On guys, when you’re ready to hit the P-spot, switch to the index or middle finger (because of their length) and slowly stroke with the “come hither” motion (or use your P-spot toy). Pair this with a blowjob and you’ll blow his mind.

On women, pairing anal play with oral sex or clitoral stimulation also really intensifies orgasms. Introduce toys into the process as you see fit.

If you’re going to use your cock, go just as slow as you did with your pinky finger, if not slower. This is a huge upgrade in size from your finger. You’re also not likely going to go as deep as you would in a vagina. Just a few inches is all you need. But go as far as feels good for them.

Note that without tons of warm-up and experience, many women find this simply straight up painful. Make sure she’s into it first, lube up, and take it slow!

Keep communicating and enjoy the ride. When you’re done relishing in the post-orgasm glow, wash everything well and debrief the experience.

Anal Play, Made Simple

There’s your deep dive guide to anal play. Some love it, some don’t. But since anal play is such a delicate and vulnerable act, it will likely bring an added layer of intimacy to your relationship.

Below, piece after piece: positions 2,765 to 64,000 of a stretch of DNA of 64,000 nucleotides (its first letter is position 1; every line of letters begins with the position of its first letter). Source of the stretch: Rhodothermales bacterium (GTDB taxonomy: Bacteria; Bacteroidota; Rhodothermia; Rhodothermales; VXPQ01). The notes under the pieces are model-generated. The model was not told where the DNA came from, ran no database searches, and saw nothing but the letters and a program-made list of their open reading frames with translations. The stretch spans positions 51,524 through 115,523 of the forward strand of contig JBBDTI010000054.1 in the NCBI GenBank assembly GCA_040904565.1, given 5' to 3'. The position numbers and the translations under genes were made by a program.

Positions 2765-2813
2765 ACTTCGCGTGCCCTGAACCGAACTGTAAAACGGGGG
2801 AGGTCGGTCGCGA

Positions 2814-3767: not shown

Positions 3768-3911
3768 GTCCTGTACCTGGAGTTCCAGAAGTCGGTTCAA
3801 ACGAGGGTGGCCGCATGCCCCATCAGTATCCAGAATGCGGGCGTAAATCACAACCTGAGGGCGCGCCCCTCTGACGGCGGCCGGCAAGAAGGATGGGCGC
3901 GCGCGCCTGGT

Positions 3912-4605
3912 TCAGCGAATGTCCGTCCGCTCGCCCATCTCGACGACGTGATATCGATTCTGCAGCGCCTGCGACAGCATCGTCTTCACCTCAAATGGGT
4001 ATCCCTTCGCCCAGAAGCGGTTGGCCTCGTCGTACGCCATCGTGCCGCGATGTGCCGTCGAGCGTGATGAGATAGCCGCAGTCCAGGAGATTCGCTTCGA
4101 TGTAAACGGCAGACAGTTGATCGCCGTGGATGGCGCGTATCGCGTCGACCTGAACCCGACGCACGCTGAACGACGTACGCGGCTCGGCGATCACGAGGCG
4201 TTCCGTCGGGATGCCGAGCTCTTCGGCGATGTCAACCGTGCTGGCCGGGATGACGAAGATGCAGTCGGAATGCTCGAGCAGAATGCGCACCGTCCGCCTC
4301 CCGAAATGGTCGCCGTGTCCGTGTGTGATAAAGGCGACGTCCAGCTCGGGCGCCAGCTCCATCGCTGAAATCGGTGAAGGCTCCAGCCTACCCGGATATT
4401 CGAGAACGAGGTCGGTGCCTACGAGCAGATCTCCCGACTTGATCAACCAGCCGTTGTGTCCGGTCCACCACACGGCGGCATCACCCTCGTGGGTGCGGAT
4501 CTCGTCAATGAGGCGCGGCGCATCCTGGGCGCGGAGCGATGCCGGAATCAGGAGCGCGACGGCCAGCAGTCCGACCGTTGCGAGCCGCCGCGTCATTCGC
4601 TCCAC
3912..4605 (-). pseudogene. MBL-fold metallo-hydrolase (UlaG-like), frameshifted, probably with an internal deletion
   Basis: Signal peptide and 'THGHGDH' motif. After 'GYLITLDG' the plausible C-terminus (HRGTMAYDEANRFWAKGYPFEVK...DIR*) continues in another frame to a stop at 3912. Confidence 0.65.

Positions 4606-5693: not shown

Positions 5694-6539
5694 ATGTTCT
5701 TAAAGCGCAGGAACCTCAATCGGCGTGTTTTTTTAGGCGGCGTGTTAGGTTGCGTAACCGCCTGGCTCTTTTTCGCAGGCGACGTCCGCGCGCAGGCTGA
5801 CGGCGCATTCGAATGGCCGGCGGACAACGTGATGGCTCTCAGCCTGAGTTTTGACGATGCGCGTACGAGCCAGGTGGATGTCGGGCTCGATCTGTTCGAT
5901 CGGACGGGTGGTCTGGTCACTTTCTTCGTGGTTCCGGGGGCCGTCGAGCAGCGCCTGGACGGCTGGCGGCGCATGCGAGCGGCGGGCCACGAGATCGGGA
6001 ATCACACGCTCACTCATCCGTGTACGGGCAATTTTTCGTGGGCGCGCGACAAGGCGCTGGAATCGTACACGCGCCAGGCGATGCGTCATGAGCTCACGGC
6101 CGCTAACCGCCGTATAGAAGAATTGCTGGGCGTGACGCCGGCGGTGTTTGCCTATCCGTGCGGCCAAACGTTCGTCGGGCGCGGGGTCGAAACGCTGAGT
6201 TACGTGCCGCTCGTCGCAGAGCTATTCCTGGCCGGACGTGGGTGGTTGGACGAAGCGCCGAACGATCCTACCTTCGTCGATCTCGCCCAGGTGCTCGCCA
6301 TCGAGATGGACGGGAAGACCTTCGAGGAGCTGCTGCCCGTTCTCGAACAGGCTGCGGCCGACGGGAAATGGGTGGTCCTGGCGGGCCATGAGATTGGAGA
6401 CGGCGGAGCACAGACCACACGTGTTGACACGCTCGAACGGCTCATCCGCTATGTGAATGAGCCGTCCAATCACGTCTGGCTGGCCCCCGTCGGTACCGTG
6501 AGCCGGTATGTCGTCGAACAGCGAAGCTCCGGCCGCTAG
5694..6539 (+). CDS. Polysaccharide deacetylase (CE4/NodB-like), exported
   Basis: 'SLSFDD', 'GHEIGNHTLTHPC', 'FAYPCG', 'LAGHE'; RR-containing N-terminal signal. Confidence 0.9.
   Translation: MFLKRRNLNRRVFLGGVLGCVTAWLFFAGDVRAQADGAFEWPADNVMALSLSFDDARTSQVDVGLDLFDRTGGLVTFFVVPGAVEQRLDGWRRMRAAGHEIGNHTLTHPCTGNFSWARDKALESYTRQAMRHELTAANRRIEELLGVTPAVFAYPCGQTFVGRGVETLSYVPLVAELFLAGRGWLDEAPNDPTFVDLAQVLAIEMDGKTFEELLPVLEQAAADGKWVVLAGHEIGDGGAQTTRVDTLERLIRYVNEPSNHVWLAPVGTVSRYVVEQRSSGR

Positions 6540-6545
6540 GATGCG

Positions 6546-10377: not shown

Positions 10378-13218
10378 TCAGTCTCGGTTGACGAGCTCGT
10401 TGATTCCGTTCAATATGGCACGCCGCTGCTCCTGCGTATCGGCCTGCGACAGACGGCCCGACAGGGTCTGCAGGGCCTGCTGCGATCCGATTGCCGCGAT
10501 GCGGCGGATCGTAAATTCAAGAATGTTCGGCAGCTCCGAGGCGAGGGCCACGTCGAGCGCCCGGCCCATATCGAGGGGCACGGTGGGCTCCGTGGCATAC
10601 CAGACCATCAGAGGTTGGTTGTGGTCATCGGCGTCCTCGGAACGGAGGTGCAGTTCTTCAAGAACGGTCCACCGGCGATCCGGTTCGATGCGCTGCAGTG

No matter what your preferences are, everyone can benefit from going through the process of trying it out. Plus, the potential upsides are so big that it’s totally worth the effort.

Remember to talk thoroughly before, during and after. Stay clean and play safe. Use more lube than you think you need to. And take it very, very slow!

May your sex and orgasms be ever evolving.

Dedicated to your success,

Jordan

Ps. If you enjoyed reading this article on anal play, you will most likely also love checking out any or all of the following:

Supercharge Your Sex Life (video series for men)

How To Master Dark Sexual Energy As A Man

The Ultimate BDSM Guide For Beginners

5 Questions To Ask Your Partner For Better Sex

How To Last Longer In Bed (9 Simple Exercises)